Real Estate Ads Get a Dose of Political Correctness



Real estate advertisers are facing a few headaches when it comes to describing their listings, having to adopt more ‘politically correct’ phrasing so as not to offend anyone reading them.

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In Washington DC, real estate professionals are reportedly are no longer using phrases like “master bedroom” in their marketing because, they say, it has racist undertones. Instead, the term is being replaced with “owner’s suite.” Others in the real estate community are also carefully choosing their words to avoid potential conflicts with the Fair Housing Act.

“You can say ‘family room’ but not ‘family home,’” explains Beth Brody, a licensed real estate agent in Marin County, Calif., to The Washington Examiner.

“We avoid anything gender-specific like ‘his-and-hers’ closets or baths.” Brody says her real estate agency carefully monitors the language used in its agents’ listing ads, adding that the list of potentially offensive words has grown over the years.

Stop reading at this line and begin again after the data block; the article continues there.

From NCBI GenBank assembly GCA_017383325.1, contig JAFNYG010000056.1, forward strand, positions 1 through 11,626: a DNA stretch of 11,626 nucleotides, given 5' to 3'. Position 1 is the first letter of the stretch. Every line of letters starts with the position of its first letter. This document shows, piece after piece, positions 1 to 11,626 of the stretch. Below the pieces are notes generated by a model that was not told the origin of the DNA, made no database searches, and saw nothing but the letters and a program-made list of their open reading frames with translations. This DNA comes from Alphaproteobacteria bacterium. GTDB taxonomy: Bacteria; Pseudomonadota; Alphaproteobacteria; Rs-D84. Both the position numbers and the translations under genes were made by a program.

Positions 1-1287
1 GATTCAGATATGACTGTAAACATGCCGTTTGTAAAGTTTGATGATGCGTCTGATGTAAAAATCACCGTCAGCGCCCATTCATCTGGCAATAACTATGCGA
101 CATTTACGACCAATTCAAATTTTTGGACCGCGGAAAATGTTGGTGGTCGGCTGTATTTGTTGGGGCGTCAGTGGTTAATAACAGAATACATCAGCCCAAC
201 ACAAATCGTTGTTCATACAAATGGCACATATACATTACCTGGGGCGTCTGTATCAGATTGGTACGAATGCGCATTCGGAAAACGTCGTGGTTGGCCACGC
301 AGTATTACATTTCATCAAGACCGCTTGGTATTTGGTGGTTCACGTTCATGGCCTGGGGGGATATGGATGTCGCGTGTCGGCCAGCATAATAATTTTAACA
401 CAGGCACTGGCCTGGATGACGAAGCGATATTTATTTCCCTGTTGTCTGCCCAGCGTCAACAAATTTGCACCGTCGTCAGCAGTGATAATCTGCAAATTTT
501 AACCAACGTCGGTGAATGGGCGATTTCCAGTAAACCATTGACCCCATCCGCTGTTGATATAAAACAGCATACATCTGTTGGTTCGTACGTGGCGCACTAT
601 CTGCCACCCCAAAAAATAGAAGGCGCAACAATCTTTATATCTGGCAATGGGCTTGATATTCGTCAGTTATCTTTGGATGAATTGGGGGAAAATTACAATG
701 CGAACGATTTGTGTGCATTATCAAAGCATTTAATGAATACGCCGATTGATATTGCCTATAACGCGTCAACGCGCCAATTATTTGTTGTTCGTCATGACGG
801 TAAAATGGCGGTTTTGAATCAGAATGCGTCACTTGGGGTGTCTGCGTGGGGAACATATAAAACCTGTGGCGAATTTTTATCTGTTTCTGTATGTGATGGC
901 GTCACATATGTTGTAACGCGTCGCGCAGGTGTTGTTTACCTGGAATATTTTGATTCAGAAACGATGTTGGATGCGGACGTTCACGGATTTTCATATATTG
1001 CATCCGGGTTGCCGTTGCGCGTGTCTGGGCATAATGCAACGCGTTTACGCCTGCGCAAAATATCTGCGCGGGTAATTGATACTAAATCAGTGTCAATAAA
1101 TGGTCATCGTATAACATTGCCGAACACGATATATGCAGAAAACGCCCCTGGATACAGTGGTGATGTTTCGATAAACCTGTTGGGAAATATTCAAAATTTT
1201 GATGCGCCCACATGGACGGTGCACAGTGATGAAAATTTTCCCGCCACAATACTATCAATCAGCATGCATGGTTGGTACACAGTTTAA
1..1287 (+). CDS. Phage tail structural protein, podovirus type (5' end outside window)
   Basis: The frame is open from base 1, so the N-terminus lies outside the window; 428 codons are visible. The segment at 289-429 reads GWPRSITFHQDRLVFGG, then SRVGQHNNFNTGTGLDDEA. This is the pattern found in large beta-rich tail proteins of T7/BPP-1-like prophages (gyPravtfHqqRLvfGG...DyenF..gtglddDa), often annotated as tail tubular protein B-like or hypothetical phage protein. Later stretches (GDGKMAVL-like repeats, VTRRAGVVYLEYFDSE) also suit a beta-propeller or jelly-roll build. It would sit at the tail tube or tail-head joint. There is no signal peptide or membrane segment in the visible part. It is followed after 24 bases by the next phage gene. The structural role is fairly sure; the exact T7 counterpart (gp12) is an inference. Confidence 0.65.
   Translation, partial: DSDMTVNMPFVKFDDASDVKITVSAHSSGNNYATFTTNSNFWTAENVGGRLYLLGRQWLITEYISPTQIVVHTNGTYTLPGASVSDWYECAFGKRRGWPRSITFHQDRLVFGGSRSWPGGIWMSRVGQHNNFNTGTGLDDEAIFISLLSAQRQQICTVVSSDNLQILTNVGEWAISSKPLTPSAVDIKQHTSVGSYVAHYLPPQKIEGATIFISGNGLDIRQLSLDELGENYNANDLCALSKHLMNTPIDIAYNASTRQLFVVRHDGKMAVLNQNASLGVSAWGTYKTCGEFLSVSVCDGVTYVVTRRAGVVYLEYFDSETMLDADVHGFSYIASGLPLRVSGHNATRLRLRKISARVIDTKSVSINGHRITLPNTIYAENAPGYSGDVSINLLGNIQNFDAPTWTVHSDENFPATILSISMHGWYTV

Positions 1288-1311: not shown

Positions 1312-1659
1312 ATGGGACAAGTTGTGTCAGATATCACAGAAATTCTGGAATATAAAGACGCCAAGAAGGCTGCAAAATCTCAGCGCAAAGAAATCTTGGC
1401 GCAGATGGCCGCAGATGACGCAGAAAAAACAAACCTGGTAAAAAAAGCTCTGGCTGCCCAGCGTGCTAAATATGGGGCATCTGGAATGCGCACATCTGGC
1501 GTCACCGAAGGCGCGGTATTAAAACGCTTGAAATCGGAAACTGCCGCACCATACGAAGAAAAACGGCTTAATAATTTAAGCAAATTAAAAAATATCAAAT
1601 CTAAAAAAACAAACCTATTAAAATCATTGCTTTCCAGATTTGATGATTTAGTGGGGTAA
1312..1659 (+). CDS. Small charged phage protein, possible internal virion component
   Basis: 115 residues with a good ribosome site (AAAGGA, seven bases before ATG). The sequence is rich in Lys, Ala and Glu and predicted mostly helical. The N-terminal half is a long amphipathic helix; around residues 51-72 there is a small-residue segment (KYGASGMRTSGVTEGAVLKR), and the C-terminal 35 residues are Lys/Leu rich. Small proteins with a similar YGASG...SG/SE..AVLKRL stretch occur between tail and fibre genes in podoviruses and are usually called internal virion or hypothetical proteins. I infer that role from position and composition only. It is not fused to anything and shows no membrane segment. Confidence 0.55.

Doing so could save a lot of trouble. For example, in August, the 6th U.S. Circuit Court of Appeals reversed a ruling and granted a new trial to the Miami Valley Fair Housing Center in a federal discrimination lawsuit over an Ohio apartment listing that used the phrase “bachelor pad.”

The U.S. Department of Housing and Urban Development has never issued an official list of terms to avoid, but some MLSs have. The Northwest Multiple Listings Service issued a list of “potentially offensive words,” such as “newlyweds,” “country club nearby,” “handyman’s dream,” “safe neighborhood,” “secure,” and “walking distance to.” (After all, one person’s idea of what is nearby may not be someone else’s, and “walking distance” may be prejudicial against someone in a wheel chair, agents note.)

Lesley Walker, associate counsel at the National Association of REALTORS®, told The Examiner that, “Our culture and society are now more in tune with the sensitivities of more groups of people. I think we’re more aware and educated, and so [we are] taking more precautions not to inadvertently or expressly discriminate against a specific class of people.”